Rapid Fire: Brandon Lee’s Action Epic is the Best Movie You Never Saw!

We take a look back at Rapid Fire, the very underrated Brandon Lee action movie that should have made him a star.

Last Updated on March 11, 2024

THE STORY: A college kid (Brandon Lee) witnesses a gangland hit. Betrayed by witness protection, he’s recruited by a task force headed by a no-nonsense cop (Powers Boothe) as a pawn, but little do they know he’s more than able to handle himself against any of his foes.

THE PLAYERS: Starring: Brandon Lee, Powers Boothe, Tzi Ma & Nick Mancuso. Directed by Dwight H. Little.

THE HISTORY: The early nineties were the heyday of the martial arts movie star. Steven Seagal and Jean-Claude Van Damme were consistently churning out hits, so if they could become icons, why not a guy like Brandon Lee? He was movie star handsome, could move, was charismatic and could act. Oh yeah – he also happened to be the son of the greatest Kung-Fu movie star of all time, Bruce Lee.

“I wouldn’t want to refer to them as stepping stones. That seems to demean them. But I’m hoping they will get me to another place. I don’t think of this (`Rapid Fire’) as a stepping stone, but neither would I like to think it will be my bread and butter. I’d like to have the kind of career that would leave a wide body of work, like Mel Gibson, who does the `Mad Max’ and `Lethal Weapon’ films but can also step off and have credibility with `The Year of Living Dangerously’ or `Hamlet.’ ” – Brandon Lee Interview (1992)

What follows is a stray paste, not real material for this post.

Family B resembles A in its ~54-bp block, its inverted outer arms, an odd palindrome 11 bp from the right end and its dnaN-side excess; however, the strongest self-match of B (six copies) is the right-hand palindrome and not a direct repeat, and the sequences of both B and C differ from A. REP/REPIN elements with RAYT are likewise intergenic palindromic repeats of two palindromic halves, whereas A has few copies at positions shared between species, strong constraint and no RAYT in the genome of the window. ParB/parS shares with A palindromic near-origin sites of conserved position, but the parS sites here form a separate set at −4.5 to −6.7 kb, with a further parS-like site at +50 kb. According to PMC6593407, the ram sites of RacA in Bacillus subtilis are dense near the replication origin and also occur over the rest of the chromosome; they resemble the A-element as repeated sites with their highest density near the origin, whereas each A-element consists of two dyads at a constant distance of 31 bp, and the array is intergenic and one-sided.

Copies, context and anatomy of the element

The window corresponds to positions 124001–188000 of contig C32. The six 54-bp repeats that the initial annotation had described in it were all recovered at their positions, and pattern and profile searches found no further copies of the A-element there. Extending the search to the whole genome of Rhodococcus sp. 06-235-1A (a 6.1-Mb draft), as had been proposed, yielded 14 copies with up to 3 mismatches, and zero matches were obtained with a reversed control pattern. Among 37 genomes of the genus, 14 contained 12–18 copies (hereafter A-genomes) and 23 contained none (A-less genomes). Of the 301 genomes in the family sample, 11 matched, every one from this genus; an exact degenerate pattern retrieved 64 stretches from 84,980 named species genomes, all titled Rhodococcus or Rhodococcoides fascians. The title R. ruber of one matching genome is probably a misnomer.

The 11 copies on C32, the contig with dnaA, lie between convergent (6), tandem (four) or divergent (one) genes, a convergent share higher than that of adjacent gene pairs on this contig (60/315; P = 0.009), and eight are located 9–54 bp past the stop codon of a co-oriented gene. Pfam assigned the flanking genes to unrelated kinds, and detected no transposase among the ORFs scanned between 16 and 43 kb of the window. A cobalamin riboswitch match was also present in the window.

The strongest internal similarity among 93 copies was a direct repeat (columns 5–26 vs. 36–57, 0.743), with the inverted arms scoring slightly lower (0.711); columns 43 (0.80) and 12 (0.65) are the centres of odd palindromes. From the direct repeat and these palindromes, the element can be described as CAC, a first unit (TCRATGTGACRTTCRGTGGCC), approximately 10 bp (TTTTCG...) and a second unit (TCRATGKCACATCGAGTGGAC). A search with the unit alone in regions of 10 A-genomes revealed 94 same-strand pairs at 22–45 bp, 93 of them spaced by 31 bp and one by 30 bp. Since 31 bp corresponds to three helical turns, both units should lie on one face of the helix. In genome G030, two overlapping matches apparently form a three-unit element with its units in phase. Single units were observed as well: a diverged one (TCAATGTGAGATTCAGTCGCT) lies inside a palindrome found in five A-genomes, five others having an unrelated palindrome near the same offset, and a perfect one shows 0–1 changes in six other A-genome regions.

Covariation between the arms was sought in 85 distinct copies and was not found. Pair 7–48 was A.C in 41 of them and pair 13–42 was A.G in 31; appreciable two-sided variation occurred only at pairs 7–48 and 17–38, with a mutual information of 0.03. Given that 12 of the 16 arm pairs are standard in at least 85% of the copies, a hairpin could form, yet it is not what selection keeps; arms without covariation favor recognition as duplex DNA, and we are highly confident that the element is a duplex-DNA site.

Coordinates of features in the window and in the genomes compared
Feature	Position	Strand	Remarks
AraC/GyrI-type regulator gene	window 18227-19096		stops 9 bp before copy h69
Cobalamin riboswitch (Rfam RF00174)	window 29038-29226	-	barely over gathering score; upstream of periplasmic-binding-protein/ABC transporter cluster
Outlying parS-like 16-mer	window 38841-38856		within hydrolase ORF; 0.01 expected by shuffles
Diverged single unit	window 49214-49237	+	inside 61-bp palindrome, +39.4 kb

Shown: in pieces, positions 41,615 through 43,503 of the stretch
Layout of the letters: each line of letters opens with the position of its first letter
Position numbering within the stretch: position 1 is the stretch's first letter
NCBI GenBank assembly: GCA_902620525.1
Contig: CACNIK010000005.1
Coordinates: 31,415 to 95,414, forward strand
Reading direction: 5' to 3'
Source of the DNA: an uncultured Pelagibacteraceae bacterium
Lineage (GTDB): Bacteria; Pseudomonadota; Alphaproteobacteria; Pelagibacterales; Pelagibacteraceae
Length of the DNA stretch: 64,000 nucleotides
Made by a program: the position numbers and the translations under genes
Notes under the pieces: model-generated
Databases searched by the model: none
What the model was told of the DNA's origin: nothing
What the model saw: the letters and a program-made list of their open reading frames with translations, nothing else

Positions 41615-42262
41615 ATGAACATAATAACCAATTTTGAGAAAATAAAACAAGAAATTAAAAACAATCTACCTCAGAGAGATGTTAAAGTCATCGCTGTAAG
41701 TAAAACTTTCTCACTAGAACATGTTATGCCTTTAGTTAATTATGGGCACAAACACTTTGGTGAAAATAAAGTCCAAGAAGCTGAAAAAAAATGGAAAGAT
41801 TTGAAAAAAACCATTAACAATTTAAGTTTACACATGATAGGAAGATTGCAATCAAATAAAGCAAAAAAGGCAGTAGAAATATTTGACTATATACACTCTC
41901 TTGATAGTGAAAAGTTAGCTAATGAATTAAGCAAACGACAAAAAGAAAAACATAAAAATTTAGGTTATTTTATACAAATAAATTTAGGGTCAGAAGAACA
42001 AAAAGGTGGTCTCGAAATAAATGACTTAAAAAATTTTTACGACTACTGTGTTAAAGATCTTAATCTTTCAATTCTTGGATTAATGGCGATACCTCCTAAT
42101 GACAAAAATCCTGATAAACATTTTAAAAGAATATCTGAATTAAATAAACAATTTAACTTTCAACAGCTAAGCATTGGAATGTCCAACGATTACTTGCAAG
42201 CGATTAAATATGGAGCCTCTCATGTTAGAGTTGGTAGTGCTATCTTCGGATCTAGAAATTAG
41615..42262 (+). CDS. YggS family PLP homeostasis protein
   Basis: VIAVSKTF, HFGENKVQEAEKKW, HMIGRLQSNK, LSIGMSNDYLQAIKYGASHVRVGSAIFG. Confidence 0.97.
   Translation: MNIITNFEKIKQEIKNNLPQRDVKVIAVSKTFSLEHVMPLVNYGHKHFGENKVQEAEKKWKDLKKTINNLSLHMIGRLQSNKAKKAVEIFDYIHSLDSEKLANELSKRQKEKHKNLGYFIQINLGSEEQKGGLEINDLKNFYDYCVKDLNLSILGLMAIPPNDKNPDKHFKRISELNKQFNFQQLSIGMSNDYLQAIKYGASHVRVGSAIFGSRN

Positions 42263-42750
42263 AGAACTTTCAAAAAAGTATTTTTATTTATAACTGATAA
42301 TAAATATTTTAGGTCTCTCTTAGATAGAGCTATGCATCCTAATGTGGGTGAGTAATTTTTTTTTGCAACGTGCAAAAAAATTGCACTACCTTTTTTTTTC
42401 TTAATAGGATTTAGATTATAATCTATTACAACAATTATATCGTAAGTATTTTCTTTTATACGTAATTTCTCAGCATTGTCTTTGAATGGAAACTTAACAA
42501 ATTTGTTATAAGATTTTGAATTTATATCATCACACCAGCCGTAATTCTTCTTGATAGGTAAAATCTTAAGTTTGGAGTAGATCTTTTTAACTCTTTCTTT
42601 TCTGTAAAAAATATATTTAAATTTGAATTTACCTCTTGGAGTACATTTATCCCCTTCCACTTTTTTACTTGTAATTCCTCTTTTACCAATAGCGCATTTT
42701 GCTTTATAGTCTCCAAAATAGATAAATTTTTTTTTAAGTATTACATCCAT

After an aborted attempt at Hong Kong movie stardom (where Legacy of Rage oddly cast him as a gun-toting hero in the Chow Yun-Fat model), Lee ecked out a no-budget direct-to-video actioner called Laser Mission that helped get him noticed. A supporting part as Dolph Lundgren’s partner in the gonzo actioner Showdown in Little Tokyo (which we love here on JoBlo) was enough to propel him to leading man status with Rapid Fire.

brandon lee rapid fire

To launch what they hoped would be a new star, 20th Century Fox gave Rapid Fire a decent budget and a strong supporting cast of tough guy actors, including Powers Boothe and Nick Mancuso. The reviews were inexplicably poor, but even those who hated it acknowledged Lee was a star-in-the-making, even though the $14 million box office take was meager (it was a huge hit on VHS). Lee, using it as a stepping-stone, went on to make The Crow, a movie which would have firmly established him as a star, when disaster hit and he was killed in an on-set shooting accident.

WHY IT’S GREAT: I was heartbroken when Brandon Lee died  (in an incident the director of this movie found inexplicable)– and at that point, I hadn’t even seen Rapid Fire. I was about eleven when it happened, and this one hadn’t quite made it to the Canadian version of HBO, The Movie Network, which is the way I usually got my action fix. Saturday nights at 9:30, right after Dream On was when TMN would program the hardcore action flicks, and I tuned in each and every week. I’d watch pretty much any actioner, from the latest from Seagal and Van Damme (Stallone and Schwarzenegger would merit a trip to the theater), to the occasional pleasant surprise like Thomas Ian Griffith’s Excessive Force and the Pierce Brosnan bomb-romp Live Wire, to the lower end of the spectrum – DTV movies with Lorenzo Lamas. More often than not, my dad would join me, and the week Rapid Fire finally premiered, I was psyched but also sad because I knew that if I liked it, I’d never see another movie like it with Lee in the lead.